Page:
In news- India’s first cryptogamic garden has been inaugurated in Uttarakhand’s Dehradun district.
- It is located in the Chakrata town of Dehradun.
- A garden at Deoban in Chakratahouses almost 76 different species of cryptogams, a primitive plant species found since the Jurassic era.
- Because of its low pollution levels and moist conditions which are conducive for the growth of these species, Deoban is chosen.
- Deoban also has pristine majestic forests of Deodar and Oak which create a natural habitat for cryptogamic species.
- A cryptogam (scientific name Cryptogamae) is a plant or a plant-like organism that reproduces by spores, without flowers or seeds.
- “Cryptogamae” means “hidden reproduction”, referring to the fact that no seed is produced.
- Other names, such as “thallophytes”, “lower plants”, and “spore plants” are also occasionally used.
- The best-known groups of cryptogams are algae, lichens, mosses and ferns, and also includes non-photosynthetic organisms traditionally classified as plants, such as fungi, slime molds, and bacteria.
- Algae comprises the most primitive organisms which are predominantly aquatic, both in marine as well as freshwater habitats.
- Ferns are the largest living group of primitive vascular plants while fungi is a kingdom of usually multicellular eukaryotic organisms that are heterotrophs.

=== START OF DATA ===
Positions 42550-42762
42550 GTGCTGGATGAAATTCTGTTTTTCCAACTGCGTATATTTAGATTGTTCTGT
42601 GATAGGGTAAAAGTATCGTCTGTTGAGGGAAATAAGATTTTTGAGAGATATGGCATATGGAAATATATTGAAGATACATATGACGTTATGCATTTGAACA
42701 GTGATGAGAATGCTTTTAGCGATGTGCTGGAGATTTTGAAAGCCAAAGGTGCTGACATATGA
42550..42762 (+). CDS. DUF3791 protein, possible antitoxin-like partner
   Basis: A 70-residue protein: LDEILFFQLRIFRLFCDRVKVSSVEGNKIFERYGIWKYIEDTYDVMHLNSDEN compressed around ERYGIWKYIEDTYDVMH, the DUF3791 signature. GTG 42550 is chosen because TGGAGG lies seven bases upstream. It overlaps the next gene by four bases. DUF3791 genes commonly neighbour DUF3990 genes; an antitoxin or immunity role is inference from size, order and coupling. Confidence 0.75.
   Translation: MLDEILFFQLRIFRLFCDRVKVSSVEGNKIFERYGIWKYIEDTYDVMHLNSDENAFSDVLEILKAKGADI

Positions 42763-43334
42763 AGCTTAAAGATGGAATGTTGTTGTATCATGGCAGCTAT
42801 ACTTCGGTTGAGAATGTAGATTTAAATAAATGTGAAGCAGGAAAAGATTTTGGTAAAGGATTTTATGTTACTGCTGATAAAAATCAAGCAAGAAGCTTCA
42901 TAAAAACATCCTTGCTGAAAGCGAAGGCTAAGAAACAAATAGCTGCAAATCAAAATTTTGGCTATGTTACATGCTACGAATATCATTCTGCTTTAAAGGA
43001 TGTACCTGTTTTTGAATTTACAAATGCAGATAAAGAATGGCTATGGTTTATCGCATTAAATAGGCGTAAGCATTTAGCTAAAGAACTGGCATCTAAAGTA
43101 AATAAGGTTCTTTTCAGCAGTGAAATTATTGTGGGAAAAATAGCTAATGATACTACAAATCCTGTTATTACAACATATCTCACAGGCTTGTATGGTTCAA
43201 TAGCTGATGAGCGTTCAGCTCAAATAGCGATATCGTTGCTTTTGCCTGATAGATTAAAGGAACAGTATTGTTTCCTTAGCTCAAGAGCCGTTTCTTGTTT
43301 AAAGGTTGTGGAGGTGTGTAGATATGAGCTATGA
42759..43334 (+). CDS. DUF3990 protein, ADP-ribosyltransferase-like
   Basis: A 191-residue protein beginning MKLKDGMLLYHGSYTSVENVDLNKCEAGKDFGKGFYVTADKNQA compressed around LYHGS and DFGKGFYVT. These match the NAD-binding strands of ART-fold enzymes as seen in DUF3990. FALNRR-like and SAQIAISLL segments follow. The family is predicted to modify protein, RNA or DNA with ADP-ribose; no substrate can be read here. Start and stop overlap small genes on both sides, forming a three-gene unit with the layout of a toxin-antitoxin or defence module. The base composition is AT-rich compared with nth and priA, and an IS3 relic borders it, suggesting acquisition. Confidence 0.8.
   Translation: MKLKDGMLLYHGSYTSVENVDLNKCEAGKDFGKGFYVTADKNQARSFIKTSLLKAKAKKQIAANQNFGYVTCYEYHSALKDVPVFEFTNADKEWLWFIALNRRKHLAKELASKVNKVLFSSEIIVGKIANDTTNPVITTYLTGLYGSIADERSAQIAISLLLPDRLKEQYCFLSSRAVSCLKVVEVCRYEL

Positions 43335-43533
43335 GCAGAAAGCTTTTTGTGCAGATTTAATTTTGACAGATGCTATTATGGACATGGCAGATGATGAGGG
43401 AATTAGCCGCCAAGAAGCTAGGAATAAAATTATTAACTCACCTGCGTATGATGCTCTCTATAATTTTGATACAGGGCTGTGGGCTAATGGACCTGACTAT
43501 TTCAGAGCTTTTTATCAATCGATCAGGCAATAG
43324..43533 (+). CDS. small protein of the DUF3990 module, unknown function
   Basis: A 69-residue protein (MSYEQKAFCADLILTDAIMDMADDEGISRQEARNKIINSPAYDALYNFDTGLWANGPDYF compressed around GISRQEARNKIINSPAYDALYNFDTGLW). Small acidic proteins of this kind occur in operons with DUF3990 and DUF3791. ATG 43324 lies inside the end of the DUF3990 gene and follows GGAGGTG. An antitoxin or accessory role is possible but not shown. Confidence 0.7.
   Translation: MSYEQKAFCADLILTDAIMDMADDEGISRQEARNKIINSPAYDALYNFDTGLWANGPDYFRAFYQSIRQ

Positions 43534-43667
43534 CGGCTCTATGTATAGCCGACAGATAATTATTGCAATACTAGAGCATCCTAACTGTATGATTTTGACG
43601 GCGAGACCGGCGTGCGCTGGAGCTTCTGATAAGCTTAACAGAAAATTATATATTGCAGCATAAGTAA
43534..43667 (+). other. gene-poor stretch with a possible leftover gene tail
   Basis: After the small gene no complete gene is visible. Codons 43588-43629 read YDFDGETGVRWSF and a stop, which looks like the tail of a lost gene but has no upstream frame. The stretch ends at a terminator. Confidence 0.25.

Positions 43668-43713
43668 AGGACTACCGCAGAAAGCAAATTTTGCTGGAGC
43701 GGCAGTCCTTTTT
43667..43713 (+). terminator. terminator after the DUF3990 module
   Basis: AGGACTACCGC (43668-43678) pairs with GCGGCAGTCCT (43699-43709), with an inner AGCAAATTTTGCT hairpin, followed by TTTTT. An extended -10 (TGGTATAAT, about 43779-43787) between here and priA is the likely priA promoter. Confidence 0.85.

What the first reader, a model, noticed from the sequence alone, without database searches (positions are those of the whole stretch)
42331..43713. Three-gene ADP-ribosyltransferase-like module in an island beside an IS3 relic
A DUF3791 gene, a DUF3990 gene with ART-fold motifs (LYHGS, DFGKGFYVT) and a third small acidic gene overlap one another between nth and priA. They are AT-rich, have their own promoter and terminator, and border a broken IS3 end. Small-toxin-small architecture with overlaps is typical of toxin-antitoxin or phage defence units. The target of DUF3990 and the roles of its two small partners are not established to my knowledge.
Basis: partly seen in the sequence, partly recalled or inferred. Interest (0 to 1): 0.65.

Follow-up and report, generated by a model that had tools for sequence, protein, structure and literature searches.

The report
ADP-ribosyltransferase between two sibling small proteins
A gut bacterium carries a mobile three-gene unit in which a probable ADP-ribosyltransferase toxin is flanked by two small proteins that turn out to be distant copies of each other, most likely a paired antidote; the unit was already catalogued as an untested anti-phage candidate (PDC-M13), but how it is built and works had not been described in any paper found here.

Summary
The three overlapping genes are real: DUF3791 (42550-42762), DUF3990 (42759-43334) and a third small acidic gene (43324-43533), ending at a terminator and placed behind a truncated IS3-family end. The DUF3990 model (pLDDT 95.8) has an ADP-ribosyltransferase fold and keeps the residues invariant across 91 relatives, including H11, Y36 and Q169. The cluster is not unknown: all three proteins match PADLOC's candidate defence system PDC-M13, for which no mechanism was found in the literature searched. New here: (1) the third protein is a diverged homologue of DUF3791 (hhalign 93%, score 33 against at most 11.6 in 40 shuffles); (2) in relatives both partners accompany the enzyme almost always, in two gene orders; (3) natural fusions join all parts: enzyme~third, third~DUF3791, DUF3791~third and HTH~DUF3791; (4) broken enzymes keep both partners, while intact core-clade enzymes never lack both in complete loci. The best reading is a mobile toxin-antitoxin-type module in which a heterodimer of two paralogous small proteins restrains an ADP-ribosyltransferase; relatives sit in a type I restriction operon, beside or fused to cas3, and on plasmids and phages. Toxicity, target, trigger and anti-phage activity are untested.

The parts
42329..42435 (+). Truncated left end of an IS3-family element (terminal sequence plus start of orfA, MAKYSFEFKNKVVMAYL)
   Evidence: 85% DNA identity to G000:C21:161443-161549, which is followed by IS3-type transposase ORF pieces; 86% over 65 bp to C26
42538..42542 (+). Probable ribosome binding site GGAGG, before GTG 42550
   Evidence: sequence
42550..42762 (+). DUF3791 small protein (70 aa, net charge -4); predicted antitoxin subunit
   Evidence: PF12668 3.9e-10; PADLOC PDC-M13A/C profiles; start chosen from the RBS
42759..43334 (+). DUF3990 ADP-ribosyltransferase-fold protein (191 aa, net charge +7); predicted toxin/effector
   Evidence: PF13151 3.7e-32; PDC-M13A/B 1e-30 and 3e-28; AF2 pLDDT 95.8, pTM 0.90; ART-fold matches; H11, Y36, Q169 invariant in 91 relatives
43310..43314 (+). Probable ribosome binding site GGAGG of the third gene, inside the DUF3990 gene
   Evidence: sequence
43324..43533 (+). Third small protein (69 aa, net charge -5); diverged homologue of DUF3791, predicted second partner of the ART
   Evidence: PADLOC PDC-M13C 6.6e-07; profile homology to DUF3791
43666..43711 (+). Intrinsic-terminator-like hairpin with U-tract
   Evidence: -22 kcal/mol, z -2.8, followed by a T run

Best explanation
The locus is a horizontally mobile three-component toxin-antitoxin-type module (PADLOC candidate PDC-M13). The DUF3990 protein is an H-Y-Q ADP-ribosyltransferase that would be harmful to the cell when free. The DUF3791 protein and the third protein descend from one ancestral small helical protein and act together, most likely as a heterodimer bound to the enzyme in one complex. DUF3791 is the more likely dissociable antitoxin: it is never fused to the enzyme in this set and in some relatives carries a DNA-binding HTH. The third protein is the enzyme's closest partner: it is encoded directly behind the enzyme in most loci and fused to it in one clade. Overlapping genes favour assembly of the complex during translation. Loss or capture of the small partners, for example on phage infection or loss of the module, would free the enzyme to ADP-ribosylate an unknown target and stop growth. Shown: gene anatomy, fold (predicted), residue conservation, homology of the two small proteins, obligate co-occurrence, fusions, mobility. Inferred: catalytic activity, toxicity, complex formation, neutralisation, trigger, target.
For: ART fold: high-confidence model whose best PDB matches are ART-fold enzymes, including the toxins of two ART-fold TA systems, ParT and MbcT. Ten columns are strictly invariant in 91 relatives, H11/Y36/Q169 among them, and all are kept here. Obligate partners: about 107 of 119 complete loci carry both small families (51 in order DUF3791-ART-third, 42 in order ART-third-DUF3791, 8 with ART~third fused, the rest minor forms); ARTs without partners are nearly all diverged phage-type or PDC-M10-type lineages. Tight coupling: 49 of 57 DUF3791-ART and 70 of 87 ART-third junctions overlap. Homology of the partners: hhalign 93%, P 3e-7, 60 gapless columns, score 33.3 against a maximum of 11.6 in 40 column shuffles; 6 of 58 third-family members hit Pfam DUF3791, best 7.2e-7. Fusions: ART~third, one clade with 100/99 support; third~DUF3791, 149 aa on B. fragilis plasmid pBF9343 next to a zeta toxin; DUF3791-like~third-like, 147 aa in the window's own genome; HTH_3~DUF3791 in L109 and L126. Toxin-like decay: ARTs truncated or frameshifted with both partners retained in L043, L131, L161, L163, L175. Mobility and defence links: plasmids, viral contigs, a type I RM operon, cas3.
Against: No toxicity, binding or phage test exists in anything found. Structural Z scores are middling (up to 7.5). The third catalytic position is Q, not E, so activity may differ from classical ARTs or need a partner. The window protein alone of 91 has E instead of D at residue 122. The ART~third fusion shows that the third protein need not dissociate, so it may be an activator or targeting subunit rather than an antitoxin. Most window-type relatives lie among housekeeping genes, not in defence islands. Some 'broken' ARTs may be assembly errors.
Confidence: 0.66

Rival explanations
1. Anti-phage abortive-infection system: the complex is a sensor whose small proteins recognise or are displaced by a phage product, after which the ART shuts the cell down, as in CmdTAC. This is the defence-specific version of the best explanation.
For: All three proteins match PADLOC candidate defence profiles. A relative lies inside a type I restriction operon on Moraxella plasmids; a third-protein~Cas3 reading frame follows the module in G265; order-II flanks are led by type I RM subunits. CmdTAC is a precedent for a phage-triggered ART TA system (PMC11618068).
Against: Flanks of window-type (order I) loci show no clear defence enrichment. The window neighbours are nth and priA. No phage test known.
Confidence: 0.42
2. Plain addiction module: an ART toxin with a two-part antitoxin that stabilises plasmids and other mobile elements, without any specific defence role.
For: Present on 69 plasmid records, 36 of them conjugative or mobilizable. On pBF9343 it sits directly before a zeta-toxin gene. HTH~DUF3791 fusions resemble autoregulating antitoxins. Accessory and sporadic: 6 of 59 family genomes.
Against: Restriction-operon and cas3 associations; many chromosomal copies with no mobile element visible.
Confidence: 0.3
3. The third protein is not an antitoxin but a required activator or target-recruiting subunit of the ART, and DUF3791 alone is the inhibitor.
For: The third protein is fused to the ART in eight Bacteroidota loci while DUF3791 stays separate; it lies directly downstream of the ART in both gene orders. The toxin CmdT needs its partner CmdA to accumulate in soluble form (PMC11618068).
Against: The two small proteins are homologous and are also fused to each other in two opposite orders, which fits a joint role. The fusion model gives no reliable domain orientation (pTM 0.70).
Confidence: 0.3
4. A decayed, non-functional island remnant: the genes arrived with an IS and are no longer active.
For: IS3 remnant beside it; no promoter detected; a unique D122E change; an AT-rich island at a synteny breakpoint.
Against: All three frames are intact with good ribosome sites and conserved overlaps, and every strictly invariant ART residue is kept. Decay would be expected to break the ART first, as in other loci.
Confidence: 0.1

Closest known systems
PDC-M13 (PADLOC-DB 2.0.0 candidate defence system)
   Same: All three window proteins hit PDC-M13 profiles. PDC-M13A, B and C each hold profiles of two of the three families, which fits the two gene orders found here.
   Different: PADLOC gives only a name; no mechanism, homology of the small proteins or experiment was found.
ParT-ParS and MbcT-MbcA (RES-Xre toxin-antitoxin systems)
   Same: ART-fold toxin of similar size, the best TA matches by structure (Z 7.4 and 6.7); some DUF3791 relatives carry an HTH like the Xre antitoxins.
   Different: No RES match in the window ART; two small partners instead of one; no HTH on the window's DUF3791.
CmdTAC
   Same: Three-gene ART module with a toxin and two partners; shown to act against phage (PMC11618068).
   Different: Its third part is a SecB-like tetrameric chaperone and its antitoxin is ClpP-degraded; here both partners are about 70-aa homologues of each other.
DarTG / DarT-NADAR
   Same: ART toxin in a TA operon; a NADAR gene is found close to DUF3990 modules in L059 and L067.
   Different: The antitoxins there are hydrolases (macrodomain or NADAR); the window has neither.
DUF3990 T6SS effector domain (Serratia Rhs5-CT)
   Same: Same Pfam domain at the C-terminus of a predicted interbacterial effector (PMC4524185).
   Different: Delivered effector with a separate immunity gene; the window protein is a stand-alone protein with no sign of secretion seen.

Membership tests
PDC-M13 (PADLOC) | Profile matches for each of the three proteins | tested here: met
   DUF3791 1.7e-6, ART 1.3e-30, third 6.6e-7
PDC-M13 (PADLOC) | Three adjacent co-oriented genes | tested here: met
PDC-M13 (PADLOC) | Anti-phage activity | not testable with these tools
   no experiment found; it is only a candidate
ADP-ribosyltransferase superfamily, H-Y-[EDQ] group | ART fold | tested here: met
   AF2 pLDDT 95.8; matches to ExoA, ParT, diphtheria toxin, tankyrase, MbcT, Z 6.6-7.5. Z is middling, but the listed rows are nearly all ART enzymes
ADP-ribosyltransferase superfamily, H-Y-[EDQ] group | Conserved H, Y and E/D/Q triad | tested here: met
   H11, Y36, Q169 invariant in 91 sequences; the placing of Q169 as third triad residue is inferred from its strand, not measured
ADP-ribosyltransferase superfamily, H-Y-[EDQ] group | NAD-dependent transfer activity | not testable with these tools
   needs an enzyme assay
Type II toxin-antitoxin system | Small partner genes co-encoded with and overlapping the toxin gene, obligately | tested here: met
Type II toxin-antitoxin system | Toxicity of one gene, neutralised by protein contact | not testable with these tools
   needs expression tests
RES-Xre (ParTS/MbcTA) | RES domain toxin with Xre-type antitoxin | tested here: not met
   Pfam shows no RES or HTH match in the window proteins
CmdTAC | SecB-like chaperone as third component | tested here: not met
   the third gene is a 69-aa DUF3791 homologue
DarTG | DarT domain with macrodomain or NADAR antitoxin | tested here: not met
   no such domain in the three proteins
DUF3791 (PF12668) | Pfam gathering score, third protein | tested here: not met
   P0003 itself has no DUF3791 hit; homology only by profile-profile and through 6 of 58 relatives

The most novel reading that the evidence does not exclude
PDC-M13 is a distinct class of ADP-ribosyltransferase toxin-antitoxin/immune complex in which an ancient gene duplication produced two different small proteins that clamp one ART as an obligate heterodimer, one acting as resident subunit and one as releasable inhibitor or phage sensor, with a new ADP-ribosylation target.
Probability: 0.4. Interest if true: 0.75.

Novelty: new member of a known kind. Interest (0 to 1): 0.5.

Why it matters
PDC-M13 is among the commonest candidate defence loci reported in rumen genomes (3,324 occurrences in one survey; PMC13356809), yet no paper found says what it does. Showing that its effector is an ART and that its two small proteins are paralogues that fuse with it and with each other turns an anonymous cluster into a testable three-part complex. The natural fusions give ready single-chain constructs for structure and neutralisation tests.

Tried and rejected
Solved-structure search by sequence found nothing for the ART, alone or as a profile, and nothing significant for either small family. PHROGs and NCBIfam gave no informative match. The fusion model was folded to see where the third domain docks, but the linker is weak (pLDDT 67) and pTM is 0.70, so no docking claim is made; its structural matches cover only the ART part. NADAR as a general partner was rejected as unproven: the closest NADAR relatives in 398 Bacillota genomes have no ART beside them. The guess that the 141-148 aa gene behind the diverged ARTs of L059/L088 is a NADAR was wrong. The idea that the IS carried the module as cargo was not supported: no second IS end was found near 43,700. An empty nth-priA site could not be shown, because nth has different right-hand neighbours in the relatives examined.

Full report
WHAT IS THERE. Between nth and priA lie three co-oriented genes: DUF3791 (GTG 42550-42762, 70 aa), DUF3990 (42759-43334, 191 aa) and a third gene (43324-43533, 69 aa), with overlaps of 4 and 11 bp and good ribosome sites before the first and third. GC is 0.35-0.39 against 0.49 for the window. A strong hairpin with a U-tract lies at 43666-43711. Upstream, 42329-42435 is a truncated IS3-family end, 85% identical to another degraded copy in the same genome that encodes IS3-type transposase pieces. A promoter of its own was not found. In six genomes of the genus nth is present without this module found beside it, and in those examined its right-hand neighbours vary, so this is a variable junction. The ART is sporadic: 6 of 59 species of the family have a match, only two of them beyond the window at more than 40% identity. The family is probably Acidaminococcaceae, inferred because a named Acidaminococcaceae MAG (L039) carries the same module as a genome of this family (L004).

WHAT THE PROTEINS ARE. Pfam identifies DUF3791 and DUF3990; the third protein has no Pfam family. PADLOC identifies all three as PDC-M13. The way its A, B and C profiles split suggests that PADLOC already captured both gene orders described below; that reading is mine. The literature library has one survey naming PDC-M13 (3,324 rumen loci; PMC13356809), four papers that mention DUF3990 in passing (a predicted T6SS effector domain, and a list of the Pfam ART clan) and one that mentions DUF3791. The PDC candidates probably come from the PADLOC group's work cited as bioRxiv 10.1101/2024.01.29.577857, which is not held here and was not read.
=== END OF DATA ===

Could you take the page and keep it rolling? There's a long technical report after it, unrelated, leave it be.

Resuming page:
- Bryophytes are the simplest and primitive land plants that occupy an intermediate position between algae and pteridophytes.
- Lichens are a complex life form that is a symbiotic partnership of two separate organisms, a fungus and an algae.
- Cryptogams are considered among the best bioindicators, as they grow only at places without pollution and with ample soil moisture.
- These species will just vanish even if there is the slightest deviation in the environmental indicators.
- Not all cryptogams are treated as part of the plant kingdom; the fungi, in particular, are regarded as a separate kingdom, more closely related to animals than plants, while blue-green algae are now regarded as a phylum of bacteria.
The names of all cryptogams are regulated by the International Code of Nomenclature for algae, fungi, and plants.